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Wednesday, December 5, 2012

It Works ... Until it Doesn't

In a recent blog post, economist Tim Harford does a great job explaining the Efficient Markets Hypothesis (EMH), which is one of the concepts that underlies our investment philosophy:
"The EMH has various forms, but in brief its message is very simple: an individual investor cannot reliably outperform financial markets. The reasoning is equally simple: money doesn't get left around on the pavement for very long. If it was obvious that the stock market would rise tomorrow, investors would buy shares immediately and the stock market would rise today instead. Anything that could reasonably be anticipated already has been anticipated, and so markets instead respond only to genuinely unexpected news."
He then goes on to give examples of where the EMH appears to be false, but then on closer inspection, not so much.  We have never claimed that the EMH provides a perfect view of market activity, just that it is true enough to suggest that attempts at beating the market have a high probability of failure.  Again, here's a quote from Tim Harford:
"The efficient markets hypothesis is surely false. What is striking is that it is very close to being true. For the Warren Buffetts of the world, “almost true” is not true at all. For the rest of us, beating the market remains an elusive dream."
One reason for bringing up the EMH at this time is that I recently saw this article in the Economist about the death of the "Fed Model".  The Fed Model was used back in the late 90's as reasoning for the then growing stock market bubble. I won't bore you with the details, but the theory basically said that there was a direct relationship between equity earnings yields and interest rates.  As the chart below shows, this relationship looked pretty solid ... until it didn't:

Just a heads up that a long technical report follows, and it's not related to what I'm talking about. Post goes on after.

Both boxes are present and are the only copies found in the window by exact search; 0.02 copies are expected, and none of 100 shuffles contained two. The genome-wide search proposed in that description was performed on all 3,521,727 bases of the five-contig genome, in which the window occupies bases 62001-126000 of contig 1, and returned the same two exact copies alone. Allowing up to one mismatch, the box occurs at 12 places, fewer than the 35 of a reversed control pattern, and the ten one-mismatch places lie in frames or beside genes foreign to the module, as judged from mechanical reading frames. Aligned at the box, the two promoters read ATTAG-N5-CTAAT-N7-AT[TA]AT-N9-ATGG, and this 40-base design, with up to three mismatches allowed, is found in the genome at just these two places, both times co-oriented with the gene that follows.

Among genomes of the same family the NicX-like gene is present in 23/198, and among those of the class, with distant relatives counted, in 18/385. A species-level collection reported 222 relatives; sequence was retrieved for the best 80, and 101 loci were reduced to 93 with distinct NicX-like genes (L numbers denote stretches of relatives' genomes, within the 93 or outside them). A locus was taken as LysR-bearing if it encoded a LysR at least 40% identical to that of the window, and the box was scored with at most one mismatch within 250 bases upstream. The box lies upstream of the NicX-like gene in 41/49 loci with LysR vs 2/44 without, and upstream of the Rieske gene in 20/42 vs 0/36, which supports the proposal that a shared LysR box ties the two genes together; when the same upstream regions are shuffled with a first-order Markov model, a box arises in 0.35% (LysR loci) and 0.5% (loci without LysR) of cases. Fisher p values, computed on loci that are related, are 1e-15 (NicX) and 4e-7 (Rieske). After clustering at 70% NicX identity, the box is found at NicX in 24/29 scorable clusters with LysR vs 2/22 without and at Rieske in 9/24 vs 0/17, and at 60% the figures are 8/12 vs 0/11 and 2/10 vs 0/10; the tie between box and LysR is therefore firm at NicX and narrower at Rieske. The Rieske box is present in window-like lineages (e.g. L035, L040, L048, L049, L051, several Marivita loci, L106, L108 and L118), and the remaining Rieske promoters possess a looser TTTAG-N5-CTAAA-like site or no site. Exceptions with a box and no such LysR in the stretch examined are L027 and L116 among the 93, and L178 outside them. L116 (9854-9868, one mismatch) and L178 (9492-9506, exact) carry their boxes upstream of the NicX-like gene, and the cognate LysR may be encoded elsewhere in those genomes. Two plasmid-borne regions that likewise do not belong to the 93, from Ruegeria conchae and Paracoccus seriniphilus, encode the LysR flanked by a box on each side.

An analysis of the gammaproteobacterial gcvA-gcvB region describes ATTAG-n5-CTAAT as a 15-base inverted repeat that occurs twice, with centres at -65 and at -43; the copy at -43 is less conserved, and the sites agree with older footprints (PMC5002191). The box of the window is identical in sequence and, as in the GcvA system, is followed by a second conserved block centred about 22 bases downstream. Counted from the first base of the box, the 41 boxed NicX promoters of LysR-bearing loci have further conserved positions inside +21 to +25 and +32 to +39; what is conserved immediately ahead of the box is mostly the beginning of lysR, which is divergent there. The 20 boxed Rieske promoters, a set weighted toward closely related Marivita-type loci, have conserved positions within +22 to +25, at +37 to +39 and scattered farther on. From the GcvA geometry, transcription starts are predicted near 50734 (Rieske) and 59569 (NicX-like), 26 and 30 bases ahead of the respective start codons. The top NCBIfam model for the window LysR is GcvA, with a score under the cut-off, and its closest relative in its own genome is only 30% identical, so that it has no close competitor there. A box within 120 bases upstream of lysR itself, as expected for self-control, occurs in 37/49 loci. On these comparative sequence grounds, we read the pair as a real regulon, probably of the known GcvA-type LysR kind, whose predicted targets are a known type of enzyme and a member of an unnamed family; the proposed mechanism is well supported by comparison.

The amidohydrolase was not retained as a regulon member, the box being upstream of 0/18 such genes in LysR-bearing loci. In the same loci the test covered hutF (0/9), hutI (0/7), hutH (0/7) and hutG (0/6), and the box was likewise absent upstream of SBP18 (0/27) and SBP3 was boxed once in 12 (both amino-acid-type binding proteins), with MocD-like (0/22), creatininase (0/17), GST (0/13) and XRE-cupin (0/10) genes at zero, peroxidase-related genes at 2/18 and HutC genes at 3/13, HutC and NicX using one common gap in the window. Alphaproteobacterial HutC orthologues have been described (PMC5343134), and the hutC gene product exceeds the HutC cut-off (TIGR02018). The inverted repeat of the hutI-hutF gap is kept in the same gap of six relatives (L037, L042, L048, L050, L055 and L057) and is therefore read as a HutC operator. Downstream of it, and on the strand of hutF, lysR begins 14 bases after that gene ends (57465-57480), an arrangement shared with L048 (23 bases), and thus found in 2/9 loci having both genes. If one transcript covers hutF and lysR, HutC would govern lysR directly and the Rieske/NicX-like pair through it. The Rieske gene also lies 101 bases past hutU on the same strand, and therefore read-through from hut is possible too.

This is the crux of the problem when it comes to determining an investment strategy. Just because something looks great when we apply it to past data does not mean that it will work well into the future.  Much of economic theory is tested using the concept of ceteris paribus translated to "all other things being equal or held constant" wheras a variable is tested while other variables are held constant. This is a very helpful concept in an academic setting.  However, in the real word, all things are never equal, and the economy and financial markets are complex systems that are ever changing.  That it why we believe the best way to create an investment plan is to apply simply stated concepts such as "risk and return are related" and "markets are fairly efficient". We then implement the plan in a way more focused on things we can control, such as investment costs, as opposed to attempting to "beat the market"       ~ FSB